Knossos is the largest Bronze Age archaeological site on Crete island and has been called Europe's oldest city. The settlement was established well before 2000 BC and was destroyed, most likely by fire (though some claim a tsunami) around 1700 BC.
The Minoan palace is the main site of interest at Knossos, an important city in antiquity, which was inhabited continuously from the Neolithic period until the 5th century AD. The palace was built on the Kephala hill and had easy access to the sea and the Cretan interior. According to tradition, it was the seat of the wise king Minos. The Palace of Knossos is connected with thrilling legends, such as the myth of the Labyrinth, with the Minotaur, and the story of Daidalos and Ikaros.
The palace of Knossos was undoubtedly the ceremonial and political centre of the Minoan civilization and culture. It appears as a maze of workrooms, living spaces, and storerooms close to a central square. An approximate graphic view of some aspects of Cretan life in the Bronze Age is provided by restorations of the palace's indoor and outdoor murals, as it is also by the decorative motifs of the pottery and the insignia on the seals and sealings.
The palace was abandoned at some unknown time at the end of the Late Bronze Age, c. 1380–1100 BC. The occasion is not known for certain, but one of the many disasters that befell the palace is generally put forward. The hill was never again a settlement or civic site, although squatters may have used it for a time.
However, fieldwork in 2015 revealed that during the early Iron Age, Knossos was rich in imports and was nearly three times larger than indicated by earlier excavations. Whilst archaeologists had previously believed that the city had declined in the wake of a socio-political collapse around 1200 BC, the work of the Knossos Urban Landscape Project found that the city had prospered instead.
Except for periods of abandonment, other cities were founded in the immediate vicinity, such as the Roman colony, and a Hellenistic Greek precedent. The population shifted to the new town of Chandax (modern Heraklion) during the 9th century AD. By the 13th century, it was called Makruteikhos 'Long Wall'; the bishops of Gortyn continued to call themselves Bishops of Knossos until the 19th century. Today, the name is used only for the archaeological site now situated in the expanding suburbs of Heraklion.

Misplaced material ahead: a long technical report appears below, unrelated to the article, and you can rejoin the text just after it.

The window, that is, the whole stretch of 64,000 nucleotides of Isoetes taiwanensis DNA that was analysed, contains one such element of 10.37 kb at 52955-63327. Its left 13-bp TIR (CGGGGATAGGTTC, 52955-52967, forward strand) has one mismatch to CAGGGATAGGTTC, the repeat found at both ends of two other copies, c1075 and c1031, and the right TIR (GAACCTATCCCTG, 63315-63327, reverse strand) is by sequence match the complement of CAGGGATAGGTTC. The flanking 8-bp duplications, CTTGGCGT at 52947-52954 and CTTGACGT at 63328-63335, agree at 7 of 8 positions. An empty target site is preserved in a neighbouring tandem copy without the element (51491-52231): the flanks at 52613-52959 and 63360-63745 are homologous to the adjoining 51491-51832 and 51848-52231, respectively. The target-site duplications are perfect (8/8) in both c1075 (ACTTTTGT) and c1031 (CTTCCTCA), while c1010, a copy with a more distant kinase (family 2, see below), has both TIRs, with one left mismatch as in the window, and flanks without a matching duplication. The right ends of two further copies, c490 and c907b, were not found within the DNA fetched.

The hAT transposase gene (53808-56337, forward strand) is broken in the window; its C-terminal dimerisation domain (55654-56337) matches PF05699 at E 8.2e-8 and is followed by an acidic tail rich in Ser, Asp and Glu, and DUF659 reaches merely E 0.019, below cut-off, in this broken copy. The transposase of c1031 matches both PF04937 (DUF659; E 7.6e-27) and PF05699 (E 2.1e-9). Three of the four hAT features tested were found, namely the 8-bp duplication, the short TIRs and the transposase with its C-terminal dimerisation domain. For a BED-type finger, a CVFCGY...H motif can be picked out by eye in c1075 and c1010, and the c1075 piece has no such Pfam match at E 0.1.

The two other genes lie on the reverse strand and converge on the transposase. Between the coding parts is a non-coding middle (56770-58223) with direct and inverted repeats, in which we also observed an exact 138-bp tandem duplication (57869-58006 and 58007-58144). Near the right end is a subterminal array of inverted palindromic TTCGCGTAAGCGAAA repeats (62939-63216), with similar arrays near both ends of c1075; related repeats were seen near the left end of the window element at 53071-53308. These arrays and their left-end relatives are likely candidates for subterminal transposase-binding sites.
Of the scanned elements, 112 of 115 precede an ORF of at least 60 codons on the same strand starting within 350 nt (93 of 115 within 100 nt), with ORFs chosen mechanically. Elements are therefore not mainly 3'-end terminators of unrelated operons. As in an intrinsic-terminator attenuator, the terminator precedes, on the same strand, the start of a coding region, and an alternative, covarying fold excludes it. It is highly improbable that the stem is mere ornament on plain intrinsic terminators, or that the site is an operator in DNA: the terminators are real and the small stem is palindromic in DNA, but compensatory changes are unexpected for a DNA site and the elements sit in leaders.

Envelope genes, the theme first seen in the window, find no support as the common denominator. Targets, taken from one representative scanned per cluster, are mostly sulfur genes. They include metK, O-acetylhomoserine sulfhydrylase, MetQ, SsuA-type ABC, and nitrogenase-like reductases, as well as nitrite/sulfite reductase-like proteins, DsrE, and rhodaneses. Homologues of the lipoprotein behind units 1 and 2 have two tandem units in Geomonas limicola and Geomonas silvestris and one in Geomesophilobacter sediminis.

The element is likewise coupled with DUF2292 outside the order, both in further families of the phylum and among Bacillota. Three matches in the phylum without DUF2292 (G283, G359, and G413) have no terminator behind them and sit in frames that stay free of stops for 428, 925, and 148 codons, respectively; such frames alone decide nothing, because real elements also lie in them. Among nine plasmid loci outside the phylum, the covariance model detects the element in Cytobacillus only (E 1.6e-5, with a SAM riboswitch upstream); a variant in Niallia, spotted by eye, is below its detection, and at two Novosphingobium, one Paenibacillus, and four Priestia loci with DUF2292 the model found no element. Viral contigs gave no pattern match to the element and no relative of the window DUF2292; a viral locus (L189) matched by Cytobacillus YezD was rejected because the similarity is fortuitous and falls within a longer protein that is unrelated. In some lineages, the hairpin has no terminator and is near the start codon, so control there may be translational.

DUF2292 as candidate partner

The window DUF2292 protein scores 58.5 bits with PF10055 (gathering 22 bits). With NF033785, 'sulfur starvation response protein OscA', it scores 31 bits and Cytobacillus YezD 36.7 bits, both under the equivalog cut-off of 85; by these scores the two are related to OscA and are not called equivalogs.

In the first palace period around 2000 BC the urban area reached a size of up to 18,000 people. In its peak the Palace and the surrounding city boasted a population of 100,000 people shortly after 1700 BC.
Castel del Monte, located in the municipality of Andria, rises on a rocky hill dominating the surrounding countryside of the Murgia region. A unique piece of medieval architecture, it was completed in 1240. The castle’s location, its perfect octagonal shape, as well as the mathematical and astronomical precision of its layout all reflect the broad education and cultural vision of its founder, Emperor Frederick II.
As a leader of modern humanism, the Germanic Emperor brought scholars together in his court from throughout the Mediterranean, combining Eastern and Western traditions. The castle’s unique design, an octagonal plan with octagonal towers at each angle, represents a search for perfection. Interior features reflect Eastern influences, such as the innovative hydraulic installation used by Frederick II for bathing in accord to the typical Arabic customs.
The site is of outstanding universal value in its formal perfection and its harmonious blending of cultural elements from northern Europe, the Muslim world and classical antiquity. Castel del Monte is a unique masterpiece of medieval architecture, reflecting the humanist ideas of its founder, Frederick II of Hohenstaufen.